Table 2 shows the void content of the EFB, jute, and hybrid composites. Oil palm EFB composite showed higher voids, which was attributed to poor fibre/matrix bonding and ultimately to incomplete wetting of oil palm EFB fibre by epoxy matrix (Abdul Khalil et al. 2007). Void content of hybrid composites decreased with an increase in jute fibre loading in oil palm EFB composite. In other words, jute composite showed better fibre/matrix interface bonding, as evidenced by a reduction in voids. Voids formation in polymer composites can be attributed to the processing effect, which arises from several sources, such as air bubbles entrapped within the epoxy matrix, residual solvents, and volatiles arising during curing of the resin (Öztürk 2010). Voids may occur in the matrix at the fibre/matrix interface or within the fibre lumens, which will affect the composite properties and decrease the density of the composites (Karina et al. 2008). Jute fibre has better wettability with epoxy resin; because of that, jute composite contains few voids compared to EFB composite (Jawaid et al. 2011). High voids in the composite leads to lower fatigue resistance, greater susceptibility to water absorption, and increased variation in mechanical properties. Table 2. Void Content, and Density of EFB, Jute, and Bi-layer Hybrid Composites Composites

Void Content (%)

Density 3 (g/cm )

EFB

8.67

1.04

EFB: Jute (4:1)

6.03

1.09

EFB: Jute (1:1)

4.27

1.12

EFB: Jute (1:4)

3.38

1.14

Jute

2.67

1.20

Density Table 2 shows the density of EFB, hybrid, and jute reinforced epoxy composites. The density of the hybrid composite increased as the quantity of jute fibre loading increased. The density of oil palm EFB composite increased with an increase in addition of the jute fibre, which may be due to the higher density of jute fibre compared to the oil palm EFB fibres. It was observed that the density of jute composite was the highest as compared to the other composites. Similar work done on oil palm EFB/glass fibre hybrid composites indicated that the density of hybrid composites increases with an increase in glass fibre loading to oil palm EFB composite (Sreekala et al. 2002; Abdul Khalil et al. 2007). This result is mainly attributed to a higher density of glass fibres compared to oil palm fibres. Jawaid et al. (2012). “Bi-layer Hybrid Biocomposites,”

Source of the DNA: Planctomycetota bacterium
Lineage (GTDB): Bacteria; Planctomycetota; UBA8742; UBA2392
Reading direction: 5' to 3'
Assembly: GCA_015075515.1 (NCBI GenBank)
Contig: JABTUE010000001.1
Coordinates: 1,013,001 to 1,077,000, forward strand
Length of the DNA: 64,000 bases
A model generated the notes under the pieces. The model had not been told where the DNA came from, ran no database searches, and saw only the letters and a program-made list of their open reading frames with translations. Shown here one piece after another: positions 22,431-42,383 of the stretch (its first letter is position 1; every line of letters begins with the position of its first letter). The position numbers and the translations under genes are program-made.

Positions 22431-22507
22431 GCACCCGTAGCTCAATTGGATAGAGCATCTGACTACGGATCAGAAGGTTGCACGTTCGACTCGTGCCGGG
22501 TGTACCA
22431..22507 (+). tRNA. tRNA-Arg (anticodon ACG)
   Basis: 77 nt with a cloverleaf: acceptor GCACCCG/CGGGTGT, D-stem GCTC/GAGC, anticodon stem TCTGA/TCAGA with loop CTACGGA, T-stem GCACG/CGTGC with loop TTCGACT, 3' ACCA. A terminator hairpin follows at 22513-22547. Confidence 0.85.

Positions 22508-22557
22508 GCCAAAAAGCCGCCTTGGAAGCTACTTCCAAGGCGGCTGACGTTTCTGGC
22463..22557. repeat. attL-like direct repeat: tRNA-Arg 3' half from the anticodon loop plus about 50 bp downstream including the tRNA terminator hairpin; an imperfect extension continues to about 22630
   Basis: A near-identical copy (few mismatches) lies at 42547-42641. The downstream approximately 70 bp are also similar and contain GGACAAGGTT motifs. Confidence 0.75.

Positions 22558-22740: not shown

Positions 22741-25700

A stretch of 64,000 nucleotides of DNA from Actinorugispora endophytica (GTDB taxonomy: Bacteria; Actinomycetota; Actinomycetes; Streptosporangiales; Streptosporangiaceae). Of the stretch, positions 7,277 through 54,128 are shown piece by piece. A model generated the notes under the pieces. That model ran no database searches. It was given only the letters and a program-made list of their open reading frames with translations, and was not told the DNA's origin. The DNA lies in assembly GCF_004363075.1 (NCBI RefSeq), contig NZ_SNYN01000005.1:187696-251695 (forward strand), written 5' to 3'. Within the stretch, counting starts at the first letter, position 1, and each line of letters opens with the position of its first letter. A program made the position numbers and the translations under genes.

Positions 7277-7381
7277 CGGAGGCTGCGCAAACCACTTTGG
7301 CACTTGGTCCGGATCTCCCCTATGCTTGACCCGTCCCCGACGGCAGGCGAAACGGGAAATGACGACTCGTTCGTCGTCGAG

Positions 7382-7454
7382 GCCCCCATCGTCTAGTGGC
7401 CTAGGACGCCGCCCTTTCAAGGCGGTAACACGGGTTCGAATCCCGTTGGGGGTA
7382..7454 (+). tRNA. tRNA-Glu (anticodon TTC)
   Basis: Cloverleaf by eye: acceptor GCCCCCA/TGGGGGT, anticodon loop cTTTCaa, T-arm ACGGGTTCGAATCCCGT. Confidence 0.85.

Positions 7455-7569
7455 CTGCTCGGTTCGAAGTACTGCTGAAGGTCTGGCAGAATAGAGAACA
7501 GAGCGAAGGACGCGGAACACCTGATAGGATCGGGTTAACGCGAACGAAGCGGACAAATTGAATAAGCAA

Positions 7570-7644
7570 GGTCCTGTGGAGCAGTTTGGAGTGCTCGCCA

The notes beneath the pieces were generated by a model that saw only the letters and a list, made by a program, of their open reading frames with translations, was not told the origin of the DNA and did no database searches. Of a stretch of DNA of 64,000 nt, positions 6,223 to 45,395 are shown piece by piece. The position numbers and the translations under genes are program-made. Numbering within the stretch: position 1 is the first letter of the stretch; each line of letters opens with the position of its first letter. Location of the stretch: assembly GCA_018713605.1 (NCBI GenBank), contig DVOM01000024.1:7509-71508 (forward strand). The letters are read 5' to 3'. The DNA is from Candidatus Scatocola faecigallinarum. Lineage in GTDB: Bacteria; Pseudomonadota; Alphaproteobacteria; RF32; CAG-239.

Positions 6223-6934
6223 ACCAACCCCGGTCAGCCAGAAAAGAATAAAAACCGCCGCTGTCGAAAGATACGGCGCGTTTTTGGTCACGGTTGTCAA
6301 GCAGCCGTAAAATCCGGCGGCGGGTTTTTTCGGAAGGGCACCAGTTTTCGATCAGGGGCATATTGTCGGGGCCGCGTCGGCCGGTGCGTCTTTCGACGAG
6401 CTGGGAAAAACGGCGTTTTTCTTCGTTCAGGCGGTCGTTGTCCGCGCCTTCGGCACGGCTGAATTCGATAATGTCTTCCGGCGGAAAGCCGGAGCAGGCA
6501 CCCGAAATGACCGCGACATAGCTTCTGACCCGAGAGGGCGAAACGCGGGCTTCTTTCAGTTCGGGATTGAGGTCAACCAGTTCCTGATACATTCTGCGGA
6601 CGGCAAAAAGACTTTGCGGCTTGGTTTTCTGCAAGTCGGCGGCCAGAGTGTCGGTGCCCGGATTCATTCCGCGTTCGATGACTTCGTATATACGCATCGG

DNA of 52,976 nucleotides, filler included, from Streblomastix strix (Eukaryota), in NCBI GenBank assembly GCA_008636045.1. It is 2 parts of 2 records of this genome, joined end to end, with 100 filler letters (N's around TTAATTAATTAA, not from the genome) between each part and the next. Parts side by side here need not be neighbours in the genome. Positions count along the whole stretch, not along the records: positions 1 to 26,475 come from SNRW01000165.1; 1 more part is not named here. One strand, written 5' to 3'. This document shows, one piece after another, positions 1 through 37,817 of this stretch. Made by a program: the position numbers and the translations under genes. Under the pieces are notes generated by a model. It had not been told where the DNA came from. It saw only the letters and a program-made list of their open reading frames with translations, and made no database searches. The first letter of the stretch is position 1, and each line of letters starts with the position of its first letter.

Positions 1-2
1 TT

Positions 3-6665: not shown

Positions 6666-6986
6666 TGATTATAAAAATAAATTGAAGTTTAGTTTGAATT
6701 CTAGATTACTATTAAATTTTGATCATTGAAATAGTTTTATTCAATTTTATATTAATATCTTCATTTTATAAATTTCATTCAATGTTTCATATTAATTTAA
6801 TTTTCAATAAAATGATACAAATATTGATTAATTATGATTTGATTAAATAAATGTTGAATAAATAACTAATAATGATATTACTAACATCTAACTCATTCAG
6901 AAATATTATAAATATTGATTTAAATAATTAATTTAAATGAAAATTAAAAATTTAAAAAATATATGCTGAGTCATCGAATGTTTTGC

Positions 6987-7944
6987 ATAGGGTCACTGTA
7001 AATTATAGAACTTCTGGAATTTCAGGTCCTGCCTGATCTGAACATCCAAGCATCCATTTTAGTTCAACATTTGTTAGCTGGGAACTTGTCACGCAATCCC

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Thickness Swelling Figure 1 shows the thickness swelling behaviors of EFB, jute, and EFB/jute hybrid composites after being immersed in water for several hours. Thickness swelling of hybrid composites significantly decreased with an increase in jute fibre loading, while a reverse trend was observed as the oil palm EFB fibre content increased in hybrid composites. It can be clearly seen that thickness swelling increased with immersion time and reached a certain value where no more thickness swelling occurred. When the immersion time of composites is increased, a significant amount of water is absorbed, resulting in the swelling of the fibre until the cell walls are saturated with water. Beyond that, water exists as free water in the voids, which leads to composite delamination or void formation (Gassan and Bledzki 1997; Das et al. 2000). Oil palm EFB/jute (1:4) hybrid composite showed the lowest percentage in thickness swelling compared to other hybrid composites (Fig. 1). The decrease in thickness swelling is mainly attributable to the less hydrophilic nature of jute fibre compared to oil palm EFB fibres and less void content in hybrid composites compared to EFB composite. Therefore, as the EFB fibre content decreases, thickness swelling of the hybrid composites decreases due to the decrease in water absorption into the composites.

Thickness Swelling (%)

10

8 EFB Composite 6

EFB:Jute(4:1) EFB:Jute(1:1) EFB/Jute(1:4)

4

Jute Composite 2

0 24

48

72

96

120 144 168 192 216 240 264 Immersion time (hrs)

Fig. 1. Thickness swelling (%) of bi-layer hybrid composites, EFB, and jute composites

Water Absorption The water absorption curves of EFB, jute, and hybrid composites are shown in Fig. 2. Water absorption in a natural fibre reinforced composite is dependent on temperature, fibre loading, orientation of fibres, permeability of fibres, surface protection, area of

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the exposed surfaces, diffusivity, void content, hydrophilicity of the individual components, etc. (Sreekumar et al. 2007). Hybridization of jute fibre with oil palm EFB fibre in epoxy resin decreases water absorption of the EFB composite. As the loading of jute fibre increases, the amount of water absorption of hybrid composites decreases. This is mainly attributable to the packed arrangement of hybrid composites and the less hydrophilic nature of jute fibre as compared to oil palm EFB fibres. This could be due to fewer voids in hybrid composites compared to EFB composite. It is consistent with the fact that water molecules are able to accumulate in the voids, leading to an increase in the water absorption of composites. Oil palm EFB/jute (1:4) hybrid composite showed the lowest percentage in water absorption compared to other hybrid composites. Furthermore, the increased water absorption of the hybrid composites at a high weight fraction of oil palm EFB fibre can be attributed to poor compatibility between the EFB and epoxy matrix. The oil palm EFB/jute (4:1) bi-layer composite show higher water absorption behaviour as compared to tri-layer hybrid composites at the same ratio of oil palm and jute fibres (Jawaid et al. 2011)